Wednesday, April 13, 2011
The Monster's Under the Bed
Remember when you we a kid and you had that nagging concern that once the lights went off in your room at night, the monsters under the bed would appear? As adults, we experience similar fears that hold us back from stepping out of our comfort zones, but instead of thinking that they lurk under the bed, we learn that they really exist in our head. As with the monsters under the bed, we give these fears and anxieties life, nourish them by retreating or holding back, and allow them to grow and multiply, thus making them even harder to overcome. Here are 4 common types of “monsters” that haunt us as adults:
The Worry Wart- There are two kinds of worry: Constructive and Destructive. A certain amount of worry is important in our lives. We need a certain amount of questioning inner dialogue that serves to protect us from entering into potentially harmful and dangerous situations. Therefore constructive worry is quite helpful. Destructive worry is inner dialogue gone awry. It is when we begin to engage in negative self-talk and hyper-focusing on those thoughts instead of the solution to the problem. Common manifestations associated with prolonged contact with the Worry Wart include frequently questioning “What if…?”, insistent “I can’ts”, and the ever present “but…” as a counter to any and all solutions. The best tools to battle this creature are acceptance & assurance. This means accepting the fact that you cannot fully control everything and assuring yourself that you are a resilient, capable individual that can and will overcome challenges.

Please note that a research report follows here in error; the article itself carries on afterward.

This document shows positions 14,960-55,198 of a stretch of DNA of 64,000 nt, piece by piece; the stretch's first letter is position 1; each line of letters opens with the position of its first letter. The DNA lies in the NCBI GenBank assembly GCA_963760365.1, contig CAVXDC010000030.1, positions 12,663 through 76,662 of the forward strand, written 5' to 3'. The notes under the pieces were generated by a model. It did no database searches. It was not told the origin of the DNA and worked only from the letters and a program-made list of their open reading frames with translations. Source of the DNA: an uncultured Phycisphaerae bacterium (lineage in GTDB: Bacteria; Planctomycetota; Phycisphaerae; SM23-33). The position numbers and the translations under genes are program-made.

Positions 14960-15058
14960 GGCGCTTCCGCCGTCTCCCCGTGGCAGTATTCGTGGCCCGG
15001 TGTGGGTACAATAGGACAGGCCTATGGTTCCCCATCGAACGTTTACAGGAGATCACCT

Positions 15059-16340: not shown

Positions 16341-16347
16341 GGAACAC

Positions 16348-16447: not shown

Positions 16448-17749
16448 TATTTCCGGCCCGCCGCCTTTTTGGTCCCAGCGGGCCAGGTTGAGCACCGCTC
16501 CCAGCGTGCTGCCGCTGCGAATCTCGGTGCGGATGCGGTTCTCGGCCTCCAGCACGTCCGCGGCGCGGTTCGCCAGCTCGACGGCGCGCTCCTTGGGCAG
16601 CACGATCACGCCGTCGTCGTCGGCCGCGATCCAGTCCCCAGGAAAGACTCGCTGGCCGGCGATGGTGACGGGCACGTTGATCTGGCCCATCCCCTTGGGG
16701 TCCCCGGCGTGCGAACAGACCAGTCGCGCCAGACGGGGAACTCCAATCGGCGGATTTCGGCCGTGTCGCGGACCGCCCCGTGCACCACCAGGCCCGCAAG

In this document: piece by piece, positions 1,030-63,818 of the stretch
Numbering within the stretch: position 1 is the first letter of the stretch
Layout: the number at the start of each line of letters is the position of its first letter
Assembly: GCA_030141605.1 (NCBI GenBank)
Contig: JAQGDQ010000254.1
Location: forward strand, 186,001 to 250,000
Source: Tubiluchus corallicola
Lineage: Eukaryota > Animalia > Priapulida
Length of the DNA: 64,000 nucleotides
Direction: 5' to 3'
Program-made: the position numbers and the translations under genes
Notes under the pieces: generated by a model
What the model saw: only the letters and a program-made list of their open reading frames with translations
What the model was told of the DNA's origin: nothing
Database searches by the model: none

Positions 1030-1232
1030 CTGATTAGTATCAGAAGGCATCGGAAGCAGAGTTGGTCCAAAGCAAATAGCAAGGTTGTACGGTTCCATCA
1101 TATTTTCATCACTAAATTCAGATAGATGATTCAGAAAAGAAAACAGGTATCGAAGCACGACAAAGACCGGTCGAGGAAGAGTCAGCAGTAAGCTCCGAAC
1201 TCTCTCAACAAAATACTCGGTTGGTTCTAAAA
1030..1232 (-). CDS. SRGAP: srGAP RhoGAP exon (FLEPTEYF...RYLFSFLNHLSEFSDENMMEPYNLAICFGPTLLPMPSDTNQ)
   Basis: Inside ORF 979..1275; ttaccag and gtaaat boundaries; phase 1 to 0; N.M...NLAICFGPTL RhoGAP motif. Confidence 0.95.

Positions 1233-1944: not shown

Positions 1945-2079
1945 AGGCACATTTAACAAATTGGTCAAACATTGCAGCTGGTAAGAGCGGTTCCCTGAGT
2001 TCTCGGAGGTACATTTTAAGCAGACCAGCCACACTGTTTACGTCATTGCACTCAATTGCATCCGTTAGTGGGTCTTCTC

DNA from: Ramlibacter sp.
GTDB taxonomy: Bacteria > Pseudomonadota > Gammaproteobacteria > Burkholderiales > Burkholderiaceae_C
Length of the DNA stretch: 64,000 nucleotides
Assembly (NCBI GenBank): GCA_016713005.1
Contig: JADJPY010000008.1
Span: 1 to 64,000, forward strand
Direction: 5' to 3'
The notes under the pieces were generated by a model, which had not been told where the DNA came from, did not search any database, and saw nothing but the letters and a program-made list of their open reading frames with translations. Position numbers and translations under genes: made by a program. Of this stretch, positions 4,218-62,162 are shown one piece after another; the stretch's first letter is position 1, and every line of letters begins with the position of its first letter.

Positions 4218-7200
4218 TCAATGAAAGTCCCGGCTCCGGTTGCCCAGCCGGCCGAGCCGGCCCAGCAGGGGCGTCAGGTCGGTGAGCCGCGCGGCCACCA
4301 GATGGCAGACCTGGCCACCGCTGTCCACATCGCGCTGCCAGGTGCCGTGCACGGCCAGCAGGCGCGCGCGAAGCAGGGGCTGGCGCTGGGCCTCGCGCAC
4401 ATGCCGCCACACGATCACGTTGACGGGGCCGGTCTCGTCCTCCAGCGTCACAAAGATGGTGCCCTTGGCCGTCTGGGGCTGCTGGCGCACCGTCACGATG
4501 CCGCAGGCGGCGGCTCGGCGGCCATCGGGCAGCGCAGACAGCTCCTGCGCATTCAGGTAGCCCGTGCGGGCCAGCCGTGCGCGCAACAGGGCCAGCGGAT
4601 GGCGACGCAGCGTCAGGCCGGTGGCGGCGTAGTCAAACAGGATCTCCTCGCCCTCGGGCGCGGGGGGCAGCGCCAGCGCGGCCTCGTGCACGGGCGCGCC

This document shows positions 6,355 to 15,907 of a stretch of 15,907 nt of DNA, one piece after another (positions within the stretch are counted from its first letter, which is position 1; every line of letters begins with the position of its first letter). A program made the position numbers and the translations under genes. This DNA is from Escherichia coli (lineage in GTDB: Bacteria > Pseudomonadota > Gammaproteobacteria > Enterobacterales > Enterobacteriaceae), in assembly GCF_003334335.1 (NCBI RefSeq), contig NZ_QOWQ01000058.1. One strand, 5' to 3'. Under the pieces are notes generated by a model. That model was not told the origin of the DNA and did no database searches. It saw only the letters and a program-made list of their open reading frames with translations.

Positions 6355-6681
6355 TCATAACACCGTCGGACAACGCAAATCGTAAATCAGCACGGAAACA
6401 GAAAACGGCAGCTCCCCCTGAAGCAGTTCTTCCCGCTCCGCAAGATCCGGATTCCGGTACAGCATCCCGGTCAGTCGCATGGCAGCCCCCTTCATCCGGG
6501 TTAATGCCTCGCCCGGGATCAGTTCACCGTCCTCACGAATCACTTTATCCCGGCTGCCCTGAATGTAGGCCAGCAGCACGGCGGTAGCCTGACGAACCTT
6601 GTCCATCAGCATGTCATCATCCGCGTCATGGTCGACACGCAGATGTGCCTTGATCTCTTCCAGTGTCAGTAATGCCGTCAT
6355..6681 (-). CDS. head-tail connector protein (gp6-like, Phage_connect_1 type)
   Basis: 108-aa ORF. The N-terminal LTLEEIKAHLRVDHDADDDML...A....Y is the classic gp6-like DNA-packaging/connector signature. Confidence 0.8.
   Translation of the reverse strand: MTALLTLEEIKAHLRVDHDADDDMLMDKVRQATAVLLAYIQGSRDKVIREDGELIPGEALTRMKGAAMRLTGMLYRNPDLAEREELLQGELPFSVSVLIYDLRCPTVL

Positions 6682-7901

The Twins: Fear & Anxiety- Close cousins of the Worry Wart, Fear and Anxiety pack a strong punch. As with worry, there are healthy levels of fear and anxiety that are innate in all of us and serve a productive and protective function. However excessive fear and anxiety, especially that which is vastly out of proportion with the stressor itself, can be paralyzing. Keeping your physical and mental self at such a high state of panic for prolonged periods of time is unhealthy. When attempting to confront excessive fear and anxiety, it is important to figure out what your triggers are and utilize the same tools as with the Worry Wart. Additionally, adding self-regulation into the mix is essential. Self-regulation refers to deliberate attempts to calm down and return to a neutral state of being. Luckily, we are all well versed in self-regulation because we are forced to engage in it on a daily basis. It gets us through things like being stuck in traffic, waiting in long lines, and other annoying realities of life. Common types of self-regulation include deep breathing, reassurance, meditation, exercise, visualization, thought stopping, yoga, and affirmations.